Page 26, Early Development, Devel. Physiol., Dr. D. Penney




Fetal Blood Pressure and Vascular Resistance:

Maximum arterial blood pressure in the fetus is considerably less than that in the mother (i.e. 50-70 mmHg) (Figure 2.15).

From the heart, blood pressure falls gradually as it travels through the pulmonary trunk and ductus arteriosus, to the descending aorta, to the umbilical artery, and finally to the placenta. This is due to the low level of vascular resistance in these vessels.

An abrupt fall in pressure to 30-35 mmHg takes place in the tertiary arterioles of the placenta, indicating a site of high resistance. Pressure then falls gradually again from the fetal villi, to the collecting veins, to the umbilical vein.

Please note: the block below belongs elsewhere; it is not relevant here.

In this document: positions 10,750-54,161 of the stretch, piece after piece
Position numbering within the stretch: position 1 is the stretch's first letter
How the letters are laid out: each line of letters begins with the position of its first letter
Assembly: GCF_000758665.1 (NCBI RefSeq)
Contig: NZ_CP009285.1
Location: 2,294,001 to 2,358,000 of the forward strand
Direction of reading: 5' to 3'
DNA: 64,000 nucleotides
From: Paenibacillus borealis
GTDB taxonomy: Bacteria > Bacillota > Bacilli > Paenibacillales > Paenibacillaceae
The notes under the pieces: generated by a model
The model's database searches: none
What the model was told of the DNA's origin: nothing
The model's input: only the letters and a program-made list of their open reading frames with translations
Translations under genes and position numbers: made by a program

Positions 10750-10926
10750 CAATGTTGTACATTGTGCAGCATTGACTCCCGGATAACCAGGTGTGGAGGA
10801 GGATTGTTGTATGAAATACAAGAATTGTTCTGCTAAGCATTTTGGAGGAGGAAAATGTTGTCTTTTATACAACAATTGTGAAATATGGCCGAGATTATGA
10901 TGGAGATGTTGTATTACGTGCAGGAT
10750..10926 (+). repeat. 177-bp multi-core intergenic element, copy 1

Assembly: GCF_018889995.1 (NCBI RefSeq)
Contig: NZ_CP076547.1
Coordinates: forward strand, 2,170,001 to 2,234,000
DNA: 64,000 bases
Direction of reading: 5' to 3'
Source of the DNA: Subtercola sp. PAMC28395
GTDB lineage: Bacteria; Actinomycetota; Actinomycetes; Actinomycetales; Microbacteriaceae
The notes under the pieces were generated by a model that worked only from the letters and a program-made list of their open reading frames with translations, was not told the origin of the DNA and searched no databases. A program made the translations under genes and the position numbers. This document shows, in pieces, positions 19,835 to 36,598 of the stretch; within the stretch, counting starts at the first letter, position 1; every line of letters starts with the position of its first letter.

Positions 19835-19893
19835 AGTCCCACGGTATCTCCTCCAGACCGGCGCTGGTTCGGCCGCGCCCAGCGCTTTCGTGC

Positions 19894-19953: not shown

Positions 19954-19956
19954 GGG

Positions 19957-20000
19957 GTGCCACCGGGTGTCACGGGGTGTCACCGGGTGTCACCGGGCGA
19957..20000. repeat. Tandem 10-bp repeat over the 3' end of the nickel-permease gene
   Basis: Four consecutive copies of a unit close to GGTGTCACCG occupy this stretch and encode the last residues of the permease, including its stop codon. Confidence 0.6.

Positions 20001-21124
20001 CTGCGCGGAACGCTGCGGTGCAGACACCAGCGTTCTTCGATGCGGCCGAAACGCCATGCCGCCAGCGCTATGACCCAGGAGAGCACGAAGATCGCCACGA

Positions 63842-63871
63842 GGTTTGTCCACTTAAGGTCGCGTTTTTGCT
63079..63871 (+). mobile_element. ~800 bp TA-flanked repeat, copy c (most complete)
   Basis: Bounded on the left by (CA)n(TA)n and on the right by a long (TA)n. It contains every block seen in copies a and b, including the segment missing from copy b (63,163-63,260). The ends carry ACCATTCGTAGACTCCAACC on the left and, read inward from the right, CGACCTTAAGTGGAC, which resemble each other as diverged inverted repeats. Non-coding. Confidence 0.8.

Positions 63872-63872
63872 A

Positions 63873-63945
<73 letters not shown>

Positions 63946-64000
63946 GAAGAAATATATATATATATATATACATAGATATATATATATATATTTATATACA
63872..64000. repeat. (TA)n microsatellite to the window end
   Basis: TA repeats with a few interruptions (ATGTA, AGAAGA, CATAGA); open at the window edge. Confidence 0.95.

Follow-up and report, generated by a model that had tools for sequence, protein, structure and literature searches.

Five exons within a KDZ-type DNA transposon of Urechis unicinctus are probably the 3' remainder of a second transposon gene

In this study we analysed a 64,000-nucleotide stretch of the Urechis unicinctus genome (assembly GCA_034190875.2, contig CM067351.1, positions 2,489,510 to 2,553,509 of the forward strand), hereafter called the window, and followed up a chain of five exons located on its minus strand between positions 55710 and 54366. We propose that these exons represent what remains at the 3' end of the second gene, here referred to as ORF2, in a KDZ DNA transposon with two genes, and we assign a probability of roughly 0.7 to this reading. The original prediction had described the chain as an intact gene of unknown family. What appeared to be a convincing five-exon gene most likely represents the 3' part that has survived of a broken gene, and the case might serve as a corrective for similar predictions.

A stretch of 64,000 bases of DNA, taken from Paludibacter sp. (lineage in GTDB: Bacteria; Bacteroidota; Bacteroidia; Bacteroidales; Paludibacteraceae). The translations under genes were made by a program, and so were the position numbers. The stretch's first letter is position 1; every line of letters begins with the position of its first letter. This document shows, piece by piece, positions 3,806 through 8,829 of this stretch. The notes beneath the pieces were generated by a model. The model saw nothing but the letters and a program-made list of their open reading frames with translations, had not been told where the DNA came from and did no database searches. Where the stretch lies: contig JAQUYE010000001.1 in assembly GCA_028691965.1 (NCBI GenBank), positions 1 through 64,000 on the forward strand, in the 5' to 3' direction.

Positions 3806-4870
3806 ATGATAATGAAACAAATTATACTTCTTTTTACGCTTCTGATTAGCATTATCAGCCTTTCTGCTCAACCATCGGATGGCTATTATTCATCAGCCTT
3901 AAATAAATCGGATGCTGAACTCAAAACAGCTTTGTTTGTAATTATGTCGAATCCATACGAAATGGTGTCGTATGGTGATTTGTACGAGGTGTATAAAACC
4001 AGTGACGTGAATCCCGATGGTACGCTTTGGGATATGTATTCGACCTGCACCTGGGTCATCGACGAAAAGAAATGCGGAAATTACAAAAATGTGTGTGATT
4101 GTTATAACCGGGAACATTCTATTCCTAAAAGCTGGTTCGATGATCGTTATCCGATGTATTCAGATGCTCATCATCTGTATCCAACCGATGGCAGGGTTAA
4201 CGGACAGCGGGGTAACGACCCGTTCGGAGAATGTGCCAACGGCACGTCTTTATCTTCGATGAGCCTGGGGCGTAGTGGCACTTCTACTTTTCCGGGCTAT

Another large pressure drop of 20-25 mmHg occurs at the ductus venosus, thus the ductus venosus is also the site of high resistance. Keep in mind that resistance is a function of perfusion pressure divided by flow rate. The pressure of the blood reaching the heart through the inferior vena cava is only 5-10 mmHg.


To review vascular resistance


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